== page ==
Brendan’s baby sister Bonnie was making airplanes on the floor of the playroom. She lay on her stomach and lifted her arms out sideways from her body. Those were the wings. She raised her fat soft little legs. That made the tail.
Brendan was on the floor too, lying on his stomach. When Bonnie airplaned, Brendan did it too. It was harder than it looked.
Bonnie’s airfield was a pink fleece blanket. Brendan’s airfield was the entire floor of smooth cold blue and white tiles. Brendan could move onto Bonnie’s airfield if he wanted to, though there wasn’t much room, but Bonnie was not allowed to leave her airfield. She had to stay on her blanket. That was blanket training.
Brendan’s job was to watch Bonnie. It was sort of boring. But Mama said, “Don’t take your eyes off her,” and mostly he didn’t. His job was important. Mama had lots of work to get done. A good boy does not whine, and never asks when his job will be over.
The playroom floor was wide and empty. All the toys were lined up along on shelves. Mama said, “A place for everything, and everything in its place.” There was a kid-sized table against one wall, where Brendan could sometimes color or play quietly with play dough.
How much longer would he have to watch Bonnie? Brendan listened for the roar of the vacuum. It was still going. She was doing the hallway now.
There was a green plastic ball on Bonnie’s blanket. Balls don’t belong on airfields. A truck or a toy airplane would be better, but girls don’t play with those. Now Bonnie was propping herself on her elbows to hold the ball. Sometimes she put her head down to try to eat it. The ball was safe, but Brendan had to make sure she didn’t get hold of anything she could choke on. That’s why no Legos were allowed near Bonnie’s airfield.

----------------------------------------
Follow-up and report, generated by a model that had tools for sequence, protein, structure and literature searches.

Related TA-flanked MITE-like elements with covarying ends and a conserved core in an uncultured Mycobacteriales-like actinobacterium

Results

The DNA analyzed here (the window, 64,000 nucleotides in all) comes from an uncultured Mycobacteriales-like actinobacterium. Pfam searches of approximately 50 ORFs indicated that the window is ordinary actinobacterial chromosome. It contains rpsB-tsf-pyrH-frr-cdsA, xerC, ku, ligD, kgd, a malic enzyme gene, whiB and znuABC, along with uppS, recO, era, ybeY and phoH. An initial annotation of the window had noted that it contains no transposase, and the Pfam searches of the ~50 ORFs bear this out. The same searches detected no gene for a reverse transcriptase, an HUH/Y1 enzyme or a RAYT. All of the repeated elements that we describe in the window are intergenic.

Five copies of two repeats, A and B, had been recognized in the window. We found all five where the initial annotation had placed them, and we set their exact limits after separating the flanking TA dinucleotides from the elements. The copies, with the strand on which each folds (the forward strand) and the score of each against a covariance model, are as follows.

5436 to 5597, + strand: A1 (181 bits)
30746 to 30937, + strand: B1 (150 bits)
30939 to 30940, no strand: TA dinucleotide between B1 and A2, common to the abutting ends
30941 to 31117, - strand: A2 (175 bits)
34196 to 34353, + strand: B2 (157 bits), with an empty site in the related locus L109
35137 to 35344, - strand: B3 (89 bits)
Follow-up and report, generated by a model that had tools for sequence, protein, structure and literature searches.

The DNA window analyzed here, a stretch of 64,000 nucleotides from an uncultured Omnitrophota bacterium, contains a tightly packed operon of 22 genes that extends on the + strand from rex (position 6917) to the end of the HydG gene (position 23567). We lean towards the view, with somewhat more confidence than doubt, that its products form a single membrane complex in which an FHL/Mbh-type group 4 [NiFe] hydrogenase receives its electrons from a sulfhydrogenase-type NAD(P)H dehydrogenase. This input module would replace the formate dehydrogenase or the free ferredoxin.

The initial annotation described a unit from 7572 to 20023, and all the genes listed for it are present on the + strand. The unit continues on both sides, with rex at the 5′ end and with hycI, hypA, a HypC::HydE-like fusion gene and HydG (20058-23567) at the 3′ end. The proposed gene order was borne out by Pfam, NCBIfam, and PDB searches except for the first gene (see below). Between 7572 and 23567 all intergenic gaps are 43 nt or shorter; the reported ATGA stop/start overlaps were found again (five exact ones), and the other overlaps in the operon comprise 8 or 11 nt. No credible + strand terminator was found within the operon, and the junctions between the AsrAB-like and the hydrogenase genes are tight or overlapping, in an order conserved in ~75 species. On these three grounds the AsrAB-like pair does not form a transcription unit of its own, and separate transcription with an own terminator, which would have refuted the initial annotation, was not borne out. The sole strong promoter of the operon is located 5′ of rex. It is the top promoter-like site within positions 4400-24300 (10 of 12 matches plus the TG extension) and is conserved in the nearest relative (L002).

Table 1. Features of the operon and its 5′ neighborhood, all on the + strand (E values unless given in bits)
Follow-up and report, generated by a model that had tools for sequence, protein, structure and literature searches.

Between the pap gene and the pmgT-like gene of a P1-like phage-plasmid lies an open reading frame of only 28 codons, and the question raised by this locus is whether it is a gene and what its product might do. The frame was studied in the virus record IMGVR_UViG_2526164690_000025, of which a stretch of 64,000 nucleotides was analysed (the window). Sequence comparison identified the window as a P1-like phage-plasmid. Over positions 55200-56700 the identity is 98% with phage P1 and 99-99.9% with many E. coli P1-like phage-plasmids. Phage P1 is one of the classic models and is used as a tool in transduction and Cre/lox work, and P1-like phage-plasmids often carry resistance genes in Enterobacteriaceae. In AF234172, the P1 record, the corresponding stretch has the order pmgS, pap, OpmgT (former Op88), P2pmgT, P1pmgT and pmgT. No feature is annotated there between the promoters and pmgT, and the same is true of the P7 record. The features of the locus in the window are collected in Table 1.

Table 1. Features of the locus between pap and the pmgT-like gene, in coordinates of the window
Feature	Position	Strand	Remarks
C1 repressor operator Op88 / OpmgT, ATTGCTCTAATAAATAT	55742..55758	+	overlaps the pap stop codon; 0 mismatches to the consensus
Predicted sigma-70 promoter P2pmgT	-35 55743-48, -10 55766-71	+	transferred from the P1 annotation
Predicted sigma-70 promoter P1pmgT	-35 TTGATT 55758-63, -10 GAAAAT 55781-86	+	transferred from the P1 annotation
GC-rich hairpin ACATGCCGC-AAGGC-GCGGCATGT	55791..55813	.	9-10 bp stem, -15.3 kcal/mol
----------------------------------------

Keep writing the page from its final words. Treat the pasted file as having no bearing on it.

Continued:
The Lego set was tucked over in the corner of the playroom. Brendan had been building a dragon when Mama brought Bonnie and her blanket for him to watch. He was at a tricky part, trying to make the wings stick out without falling off. Brendan looked over at his half-built dragon, then quickly back at Bonnie.
Bonnie had let go of the ball. It rolled off the blanket. She put her hands on the floor near her shoulders and pushed up onto her knees. Her rear end came right off the floor. She smiled at Brendan and rocked back and forth.
Brendan thought again about the dragon and felt himself scooching over the slippery floor toward the Lego set. He would try to join two blue pieces to make a hinge for the wings. He wanted wings that could move up and down like a real dragon’s, not just pretend.
Then something changed. Brendan’s ears hummed in the silence. The vacuum had stopped. Good. Next Mama would polish the furniture. His job was half over. The baby was back on her stomach making airplanes. Brendan looked again at the Legos. As well as fixing the dragon’s wings he was going to make the tail longer. This would be a dangerous dragon.
Brendan shifted close enough to touch the Legos. He began to pick out red ones for the tail and blue ones for the wings. Then he fished through the pile for the White Knight. When the dragon was finished the White Knight could ride him and go anywhere he wanted.
“Brendan!” His mother’s sudden voice made him drop the White Knight. His head zipped to the right. Mama was standing in the doorway. In one hand she had a rag. In the other she was holding a wooden spoon.
“What are you doing?”
Brendan’s feet had fallen asleep and he almost fell as he stood up. “Watching Bonnie, Mama.”
Mama tucked the rag in the pocket of her apron. “No you’re not. Look at her.” For a moment Brendan almost couldn’t breathe. Where was Bonnie? Then he saw her. She was sitting under the table by the wall, holding her ball. She had crawled right off her airfield.
“What did I tell you?”
“Not to let Bonnie off her blanket.”
“Complete sentence, please.”
“I shouldn’t let Bonnie go off her blanket.”
“And where is she now?”
Brendan felt a small sob filling his throat. “She’s not on her blanket.”
Mama’s voice had been loud but now it became quiet. “What happens if she leaves her blanket, Brendan?”
“Sorry, Mama, sorry.” Brendan could feel the needles in his eyes that meant he was going to cry. Boys aren’t supposed to cry. “She couldn’t help it.”
But Mama had already crossed the room in three big steps. Her lips were pressed together in a thin line. She bent down and yanked Bonnie out from under the table. The baby began to wail.
Brendan knew what was coming. “Hit me, Mama, hit me!” Mama raised the wooden spoon up and brought it down. Once, twice, three times. All against Bonnie’s little fat legs.
The baby screamed. The spoon was leaving ugly red marks on Bonnie’s skin.
Brendan’s head was buzzing. In his mind he yelled “No, no!” He tried to move but his foot skidded and hit the dragon.
Both of its new blue wings broke off.